Medical Patients’ Treatment Decision Making Capacity: A Report from a General Hospital in Greece



Nikolaos Bilanakis 1, Aikaterini Vratsista 1, Eleni Athanasiou 2, Dimitris Niakas 3, Vaios Peritogiannis 4, *
1 Psychiatric Department of General Hospital of Arta, Arta, Greece
2 Department of Internal Medicine, General Hospital of Arta, Arta, Greece
3 Hellenic Open University, Athens, Greece
4 Psychiatrist, Private Sector, Ioannina, Greece


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© Bilanakis et al.; Licensee Bentham Open.

open-access license: This is an open access article licensed under the terms of the Creative Commons Attribution Non-Commercial License (http://creativecommons.org/licenses/by-nc/3.0/) which permits unrestricted, non-commercial use, distribution and reproduction in any medium, provided the work is properly cited.

* Address correspondence to this author at the Private Sector Psychiatrist; Moulaimidou Str 1, Ioannina, 45444, Greece; Tel/Fax: 0030265121227; E-mail: vaios.peritogiannis@medai.gr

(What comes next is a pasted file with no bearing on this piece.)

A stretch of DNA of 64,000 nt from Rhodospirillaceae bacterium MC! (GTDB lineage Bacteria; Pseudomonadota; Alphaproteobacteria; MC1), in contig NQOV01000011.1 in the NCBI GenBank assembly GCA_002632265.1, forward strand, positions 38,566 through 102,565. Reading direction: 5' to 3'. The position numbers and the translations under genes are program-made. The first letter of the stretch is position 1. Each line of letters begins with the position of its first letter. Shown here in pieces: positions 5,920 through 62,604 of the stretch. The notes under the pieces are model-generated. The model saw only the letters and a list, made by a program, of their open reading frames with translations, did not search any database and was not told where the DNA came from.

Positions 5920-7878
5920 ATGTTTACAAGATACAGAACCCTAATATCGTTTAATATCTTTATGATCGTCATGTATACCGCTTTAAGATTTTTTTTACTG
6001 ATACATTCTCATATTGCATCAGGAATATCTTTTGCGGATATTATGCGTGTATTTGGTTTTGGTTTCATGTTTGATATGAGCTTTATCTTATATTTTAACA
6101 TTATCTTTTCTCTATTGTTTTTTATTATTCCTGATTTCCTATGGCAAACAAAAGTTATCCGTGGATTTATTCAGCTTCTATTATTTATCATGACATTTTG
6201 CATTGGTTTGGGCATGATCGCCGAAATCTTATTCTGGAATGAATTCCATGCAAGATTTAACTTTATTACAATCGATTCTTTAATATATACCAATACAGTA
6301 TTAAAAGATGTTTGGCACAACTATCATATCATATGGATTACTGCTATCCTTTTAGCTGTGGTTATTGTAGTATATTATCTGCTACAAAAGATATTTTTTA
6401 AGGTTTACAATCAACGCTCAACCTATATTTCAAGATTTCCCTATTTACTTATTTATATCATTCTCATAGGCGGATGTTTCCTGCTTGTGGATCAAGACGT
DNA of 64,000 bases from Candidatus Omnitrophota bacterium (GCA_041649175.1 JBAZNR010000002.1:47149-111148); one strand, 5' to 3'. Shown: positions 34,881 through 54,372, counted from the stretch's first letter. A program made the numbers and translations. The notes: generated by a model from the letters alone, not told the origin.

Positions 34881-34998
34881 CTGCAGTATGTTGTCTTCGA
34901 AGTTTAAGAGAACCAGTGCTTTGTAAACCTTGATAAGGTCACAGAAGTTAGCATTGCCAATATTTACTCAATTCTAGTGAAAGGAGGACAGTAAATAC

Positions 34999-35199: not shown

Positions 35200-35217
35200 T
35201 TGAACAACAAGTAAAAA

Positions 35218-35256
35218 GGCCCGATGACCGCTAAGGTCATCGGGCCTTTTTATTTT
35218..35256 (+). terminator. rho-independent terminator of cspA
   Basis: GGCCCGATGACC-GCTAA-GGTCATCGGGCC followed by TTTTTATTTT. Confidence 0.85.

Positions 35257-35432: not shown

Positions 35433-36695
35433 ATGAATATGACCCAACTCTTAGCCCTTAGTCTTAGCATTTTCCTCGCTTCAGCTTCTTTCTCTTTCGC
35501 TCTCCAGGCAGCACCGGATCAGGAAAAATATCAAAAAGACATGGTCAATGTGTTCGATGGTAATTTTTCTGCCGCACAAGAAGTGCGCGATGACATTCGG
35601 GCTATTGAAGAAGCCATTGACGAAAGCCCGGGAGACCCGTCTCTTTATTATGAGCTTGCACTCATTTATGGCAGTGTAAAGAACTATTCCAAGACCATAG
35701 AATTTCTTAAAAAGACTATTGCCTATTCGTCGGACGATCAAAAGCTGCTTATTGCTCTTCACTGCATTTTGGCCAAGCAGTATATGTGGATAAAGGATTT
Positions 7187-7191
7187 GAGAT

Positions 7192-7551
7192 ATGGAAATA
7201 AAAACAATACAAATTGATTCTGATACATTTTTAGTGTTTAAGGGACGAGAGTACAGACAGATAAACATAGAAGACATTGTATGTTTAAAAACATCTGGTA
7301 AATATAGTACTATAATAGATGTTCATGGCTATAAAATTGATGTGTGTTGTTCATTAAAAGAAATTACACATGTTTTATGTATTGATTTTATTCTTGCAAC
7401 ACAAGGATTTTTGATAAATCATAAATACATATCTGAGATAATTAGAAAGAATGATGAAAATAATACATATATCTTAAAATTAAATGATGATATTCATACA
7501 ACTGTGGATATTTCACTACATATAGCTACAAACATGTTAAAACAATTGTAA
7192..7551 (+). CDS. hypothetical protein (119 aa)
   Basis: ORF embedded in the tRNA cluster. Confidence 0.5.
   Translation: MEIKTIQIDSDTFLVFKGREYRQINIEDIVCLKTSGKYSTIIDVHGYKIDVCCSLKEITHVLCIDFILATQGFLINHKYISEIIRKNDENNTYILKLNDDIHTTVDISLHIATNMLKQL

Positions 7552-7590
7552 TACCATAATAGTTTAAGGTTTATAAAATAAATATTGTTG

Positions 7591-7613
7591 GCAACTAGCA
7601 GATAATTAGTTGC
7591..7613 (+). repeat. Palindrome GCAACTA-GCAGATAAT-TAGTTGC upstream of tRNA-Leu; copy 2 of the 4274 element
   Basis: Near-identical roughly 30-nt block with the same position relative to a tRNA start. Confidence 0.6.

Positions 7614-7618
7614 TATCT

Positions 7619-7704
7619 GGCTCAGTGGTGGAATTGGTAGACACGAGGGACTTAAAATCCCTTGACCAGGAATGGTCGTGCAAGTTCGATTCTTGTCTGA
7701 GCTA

Abstract

This study aimed to assess the decision-making capacity for treatment of patients hospitalized in an internal medicine ward of a General Hospital in Greece, and to examine the views of treating physicians regarding patients’ capacity. All consecutive admissions to an internal medicine ward within a month were evaluated. A total of 134 patients were approached and 78 patients were interviewed with the MacArthur Competence Assessment Tool for Treatment (MacCAT-T) and the Mini Mental State Examination (MMSE) questionnaire. Sixty-eight out of 134 patients (50.7%) were incompetent to decide upon their treatment. The majority of them (n=56, 41.8%) were obviously incapable because they were unconscious, or had such marked impairment that they could not give their own names, and the rest (n=12, 8.9%) were rated as incompetent according to their performance in the MacCAT-T. Neurological disorders, old age and altered cognitive function according to MMSE were negatively correlated with decision making capacity. Physicians sometimes failed to recognize patients’ incapacity. Rates of decision-making incapacity for treatment in medical inpatients are high, and incapacity may go unrecognized by treating physicians. Combined patient evaluation with the use of the MacCAT-T and MMSE, could be useful for the determination of incapable patients.

Keywords: Decision-making capacity for treatment, informed consent, MacCAT-T, medical patients..